- Evolving Oakland: Protesting Poverty, Fighting Inequality, Engaging the Community
Sunday, Aug. 17, 10:30 am – 12:10 pm (Hilton, Continental Parlor 7)
In the last five years, multiple events have shaped an evolving Oakland. Crime rates are down, inequality is increasing, gentrification is being contested, and artists are flourishing. This session will explore how grassroots and community groups are working to protest poverty, fight inequality, challenge gentrification, and hold city bureaucracy accountable. Panelists will discuss diverse models of community engagement and grassroots activism from various Oakland groups and how their work contributes to social justice in Oakland and the Bay Area.
- The Challenges of Public Sociology in Contested Areas: The Case of Abortion
Sunday, Aug. 17, 2:30 – 4:10 pm (Parc 55, Cyril Magnin I)
Panelists will discuss the particular challenges that arise for those committed to public sociology when they research an issue that is deeply contested, when activists on both sides of the issue closely monitor this research, and when the researchers themselves often have strong partisan views about the issue in question. Using the issue of abortion as a case in point, three sociologists located in a highly progressive medical school (University of California-San Francisco), itself located in the liberal city of San Francisco, will discuss their research on various aspects of the abortion conflict in the United States and how they meet the challenges that arise in their own work.
- The Phoenix Rises Again But For Whom? Understanding Super-Gentrification in San Francisco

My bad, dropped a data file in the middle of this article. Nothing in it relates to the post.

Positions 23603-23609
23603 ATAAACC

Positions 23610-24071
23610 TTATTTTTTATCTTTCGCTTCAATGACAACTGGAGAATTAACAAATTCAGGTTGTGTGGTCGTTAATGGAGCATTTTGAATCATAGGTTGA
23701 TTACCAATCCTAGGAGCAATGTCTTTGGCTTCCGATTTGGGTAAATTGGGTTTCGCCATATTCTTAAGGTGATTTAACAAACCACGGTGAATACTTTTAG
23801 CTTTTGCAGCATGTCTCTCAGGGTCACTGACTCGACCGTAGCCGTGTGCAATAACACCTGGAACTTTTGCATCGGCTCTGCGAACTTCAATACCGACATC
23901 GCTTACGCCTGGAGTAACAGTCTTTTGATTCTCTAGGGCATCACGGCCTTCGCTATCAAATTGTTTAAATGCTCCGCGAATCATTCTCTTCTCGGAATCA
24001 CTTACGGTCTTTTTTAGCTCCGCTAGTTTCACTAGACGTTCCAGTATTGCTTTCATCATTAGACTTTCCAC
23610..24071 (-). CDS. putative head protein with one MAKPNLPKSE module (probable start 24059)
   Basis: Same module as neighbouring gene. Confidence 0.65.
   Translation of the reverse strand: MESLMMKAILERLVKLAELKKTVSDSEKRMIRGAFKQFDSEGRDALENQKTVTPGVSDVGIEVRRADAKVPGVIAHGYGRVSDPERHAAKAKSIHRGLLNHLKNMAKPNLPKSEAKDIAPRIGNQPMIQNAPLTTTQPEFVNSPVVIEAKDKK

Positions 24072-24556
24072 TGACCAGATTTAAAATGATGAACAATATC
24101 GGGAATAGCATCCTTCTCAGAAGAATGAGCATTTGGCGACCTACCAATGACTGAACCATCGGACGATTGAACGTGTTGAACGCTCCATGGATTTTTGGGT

Monday, Aug. 18, 8:30 – 10:10 am (Parc 55, Cyril Magnin II)
San Francisco has a long history of renewal, invention, and change as symbolically represented by the phoenix, a mythical bird reborn from the ashes of its own destruction, on the city and county’s official flag. Whether it be the mid-19th century fires, the great 1906 earthquake and fire, the 1950s urban renewal changes and displacement, the 1970s emergence of the Castro, or the 1990s dot-com boom, San Francisco’s geographic and cultural landscapes have continually shifted much like the tectonic plates upon which it resides. Twenty-first century San Francisco is undergoing a very different rebirth fueled by an influx of tech wealth, a luxury-housing boom, dwindling leasable office space, and highly accelerating eviction notices and rental increases for long-time residents. In this session, sociologists, housing advocates, journalists, and geographers will discuss the nature of San Francisco’s current super-gentrification trend and both its short- and long-term implications.
- Teaching About Race in a “Diverse” Place
Monday, Aug. 18, 2:30 – 4:10 pm (Hilton, Golden Gate 4)
In seemingly liberal or progressive spaces, certain unique challenges emerge when teaching about race and ethnicity. Particularly, racism is often perceived to occur elsewhere or is seen as a thing of the past, so faculty face the challenge of teaching about an issue some no longer consider relevant. The Bay Area, despite its long history of immigration and progressive politics, is not immune to incidents of racism or hate crimes. This panel will examine not only how race and ethnicity are approached in the classroom, but also how students, faculty, and staff perceive the topic of diversity in campus settings.
CONTACT: Daniel Fowler, ASA Media Relations Manager, email@example.com, (202) 527-7885
About the American Sociological Association
The American Sociological Association (www.asanet.org), founded in 1905, is a non-profit membership association dedicated to serving sociologists in their work, advancing sociology as a science and profession, and promoting the contributions to and use of sociology by society.